Following Hurricane Julia’s impact in Central America, it has been reported that at least 25 people have died as a result of the storm’s destruction.
According to U.S. News, officials have reported that most of the victims of Hurricane Julia are in El Salvador, Guatemala, Nicaragua, and Honduras. The storm hit El Salvador and dropped heavy rain. Among the 10 Salvadorans killed were five soldiers. More Ethan 1,000 people were evacuated.
Officials say that in Guatemala, eight people were killed between Sunday and Monday while seven were injured and hundreds were impacted by Hurricane Julia. In Honduras, at least five victims have been confirmed. This includes a woman who died after being swept away by floodwaters and a four-year-old boy in a boat that capsized.
Meanwhile, Panama’s emergency services did confirm two deaths. This is due to heavy rains. Close to 300 people were evacuated from communities close to the Costa Rica border.
Hurricane Julia notably made landfall on Sunday (October 9th) on Nicaragua’s Caribbean coast. It was a category 1 storm before crossing into the Pacific Ocean. By Monday, the storm had dissipated and what was left moved northwest at 15 miles per hour over Guatemala near the Mexican border.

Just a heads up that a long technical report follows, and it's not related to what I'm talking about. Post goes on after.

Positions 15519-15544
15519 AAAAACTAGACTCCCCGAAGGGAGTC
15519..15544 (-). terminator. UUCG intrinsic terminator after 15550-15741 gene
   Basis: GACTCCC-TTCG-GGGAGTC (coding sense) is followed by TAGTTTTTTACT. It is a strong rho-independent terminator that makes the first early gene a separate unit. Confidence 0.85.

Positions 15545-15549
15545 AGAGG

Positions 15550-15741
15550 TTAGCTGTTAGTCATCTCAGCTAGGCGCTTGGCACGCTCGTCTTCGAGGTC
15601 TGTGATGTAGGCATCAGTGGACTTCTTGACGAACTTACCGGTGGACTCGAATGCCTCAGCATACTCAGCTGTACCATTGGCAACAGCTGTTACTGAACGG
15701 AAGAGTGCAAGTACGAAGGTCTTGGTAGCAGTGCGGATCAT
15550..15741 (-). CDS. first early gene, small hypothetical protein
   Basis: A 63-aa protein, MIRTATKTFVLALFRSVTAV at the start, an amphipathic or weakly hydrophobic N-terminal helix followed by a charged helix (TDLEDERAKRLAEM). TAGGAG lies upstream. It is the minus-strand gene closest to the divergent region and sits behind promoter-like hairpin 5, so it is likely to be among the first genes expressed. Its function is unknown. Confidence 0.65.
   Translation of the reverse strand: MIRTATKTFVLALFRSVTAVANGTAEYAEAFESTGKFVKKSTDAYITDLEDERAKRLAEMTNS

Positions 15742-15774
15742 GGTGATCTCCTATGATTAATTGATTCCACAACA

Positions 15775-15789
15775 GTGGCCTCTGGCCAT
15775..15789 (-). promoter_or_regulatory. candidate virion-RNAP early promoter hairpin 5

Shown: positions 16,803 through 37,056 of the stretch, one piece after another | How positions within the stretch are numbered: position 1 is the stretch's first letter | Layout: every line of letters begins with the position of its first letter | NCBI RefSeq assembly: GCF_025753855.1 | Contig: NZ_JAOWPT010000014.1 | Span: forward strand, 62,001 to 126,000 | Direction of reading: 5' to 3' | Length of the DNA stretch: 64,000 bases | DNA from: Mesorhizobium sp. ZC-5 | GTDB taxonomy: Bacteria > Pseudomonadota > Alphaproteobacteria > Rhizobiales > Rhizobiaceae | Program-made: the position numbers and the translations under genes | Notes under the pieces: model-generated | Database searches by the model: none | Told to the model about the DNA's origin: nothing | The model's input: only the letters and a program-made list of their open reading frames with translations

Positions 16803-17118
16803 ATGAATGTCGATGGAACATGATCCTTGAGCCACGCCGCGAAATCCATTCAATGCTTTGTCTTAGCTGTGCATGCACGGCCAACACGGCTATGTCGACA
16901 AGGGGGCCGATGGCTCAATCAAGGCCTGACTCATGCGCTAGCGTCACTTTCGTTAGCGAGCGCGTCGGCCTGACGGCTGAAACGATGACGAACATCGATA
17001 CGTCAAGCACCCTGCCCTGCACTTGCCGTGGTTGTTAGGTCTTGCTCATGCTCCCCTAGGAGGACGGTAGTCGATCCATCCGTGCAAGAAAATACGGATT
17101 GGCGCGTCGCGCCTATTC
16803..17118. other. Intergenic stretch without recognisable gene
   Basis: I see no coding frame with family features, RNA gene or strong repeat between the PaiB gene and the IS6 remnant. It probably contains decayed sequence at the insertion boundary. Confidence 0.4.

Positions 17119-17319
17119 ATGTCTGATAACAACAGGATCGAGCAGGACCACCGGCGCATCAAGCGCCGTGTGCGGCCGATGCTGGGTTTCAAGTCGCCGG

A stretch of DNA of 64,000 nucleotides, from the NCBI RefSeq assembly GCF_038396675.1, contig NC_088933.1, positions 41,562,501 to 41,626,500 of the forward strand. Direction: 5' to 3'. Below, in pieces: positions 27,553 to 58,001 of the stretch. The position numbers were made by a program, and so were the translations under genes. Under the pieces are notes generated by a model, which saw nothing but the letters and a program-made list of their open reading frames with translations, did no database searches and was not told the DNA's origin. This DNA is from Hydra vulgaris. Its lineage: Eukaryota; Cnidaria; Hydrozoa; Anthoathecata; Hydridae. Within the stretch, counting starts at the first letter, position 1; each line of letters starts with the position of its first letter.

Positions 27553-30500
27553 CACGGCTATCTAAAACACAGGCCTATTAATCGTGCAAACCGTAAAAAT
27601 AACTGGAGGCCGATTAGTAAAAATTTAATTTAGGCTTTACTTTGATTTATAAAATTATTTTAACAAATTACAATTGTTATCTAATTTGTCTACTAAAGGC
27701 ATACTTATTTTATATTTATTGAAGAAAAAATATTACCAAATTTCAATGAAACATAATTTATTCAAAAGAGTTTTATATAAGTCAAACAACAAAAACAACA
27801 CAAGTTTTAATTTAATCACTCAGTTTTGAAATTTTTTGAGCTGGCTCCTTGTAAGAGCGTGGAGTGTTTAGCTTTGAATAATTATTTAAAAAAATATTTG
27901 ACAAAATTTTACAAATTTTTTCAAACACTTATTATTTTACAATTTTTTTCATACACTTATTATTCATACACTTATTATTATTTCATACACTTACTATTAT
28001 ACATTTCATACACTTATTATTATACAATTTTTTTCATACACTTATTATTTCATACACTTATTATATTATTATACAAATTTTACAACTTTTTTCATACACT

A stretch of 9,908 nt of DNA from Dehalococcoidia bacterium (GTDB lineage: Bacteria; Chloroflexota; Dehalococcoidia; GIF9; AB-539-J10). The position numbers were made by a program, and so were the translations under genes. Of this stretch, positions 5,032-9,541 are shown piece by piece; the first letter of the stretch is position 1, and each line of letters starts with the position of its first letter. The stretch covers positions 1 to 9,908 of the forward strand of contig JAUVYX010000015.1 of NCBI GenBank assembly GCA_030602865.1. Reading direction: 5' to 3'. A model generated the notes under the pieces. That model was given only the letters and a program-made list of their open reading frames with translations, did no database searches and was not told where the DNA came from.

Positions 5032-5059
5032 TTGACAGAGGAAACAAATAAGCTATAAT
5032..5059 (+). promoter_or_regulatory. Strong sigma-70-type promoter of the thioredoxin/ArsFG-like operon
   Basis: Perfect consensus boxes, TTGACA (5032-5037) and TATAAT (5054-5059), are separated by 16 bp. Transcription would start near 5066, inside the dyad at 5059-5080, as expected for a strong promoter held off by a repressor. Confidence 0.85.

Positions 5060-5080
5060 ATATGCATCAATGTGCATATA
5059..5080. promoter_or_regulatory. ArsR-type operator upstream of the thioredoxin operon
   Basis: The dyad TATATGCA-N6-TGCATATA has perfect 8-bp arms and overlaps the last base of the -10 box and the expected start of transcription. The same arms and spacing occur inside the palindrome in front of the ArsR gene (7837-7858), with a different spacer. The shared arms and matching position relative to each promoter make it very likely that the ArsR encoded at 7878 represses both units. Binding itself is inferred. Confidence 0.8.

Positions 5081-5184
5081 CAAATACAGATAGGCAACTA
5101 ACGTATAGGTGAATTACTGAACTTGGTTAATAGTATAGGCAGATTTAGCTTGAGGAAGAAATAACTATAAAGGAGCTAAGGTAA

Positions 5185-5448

It was estimated that Hurricane Julia’s maximum sustained winds were around 30 mph. However, there are now warning of life-threatening surf and rip conditions along the El Salvador and Guatemala coasts. There is still concern that heavy rain may cause flash flooding. An additional one to four inches of rain is predicted to occur in El Salvador and sorter Guatemala. There is also a prediction of three to six inches of rain on Mexico’s Tehuantepec isthmus.
Hurricane Julia is Blamed for Massive Mudslides in Venezuela that Killed At Least 36 People
Bloomberg News reported on Sunday (October 9th), the death toll from mudslides in Venezuela due to heavy rains from Hurricane Julia is now up to 36 people. All of them are from the small city of Caracas, where dozens of people are still missing.
Vice President of Venezuela, Delcy Rodriguez, stated on state television during a visit to Las Tejerias that rescuers are attending to the most urgent issue which is the search for people. More than 300 hours were reportedly destroyed and over 750 were damaged in the storm. Rodriguez further explained that there are around 1,200 rescuers who are responding to the scene. Rodriguez then said, “We are seeing very significant damage here, human losses.”
Venezuela’s President, Nicolas Maduro, also made a rare appearance and declared the area a disaster zone. Maduro also announced a three-day national mourning period that began on Sunday. CBS News further reports that in August, at least 15 people died in the Venezuelan Andes after heavy rains triggered mud and rock slides.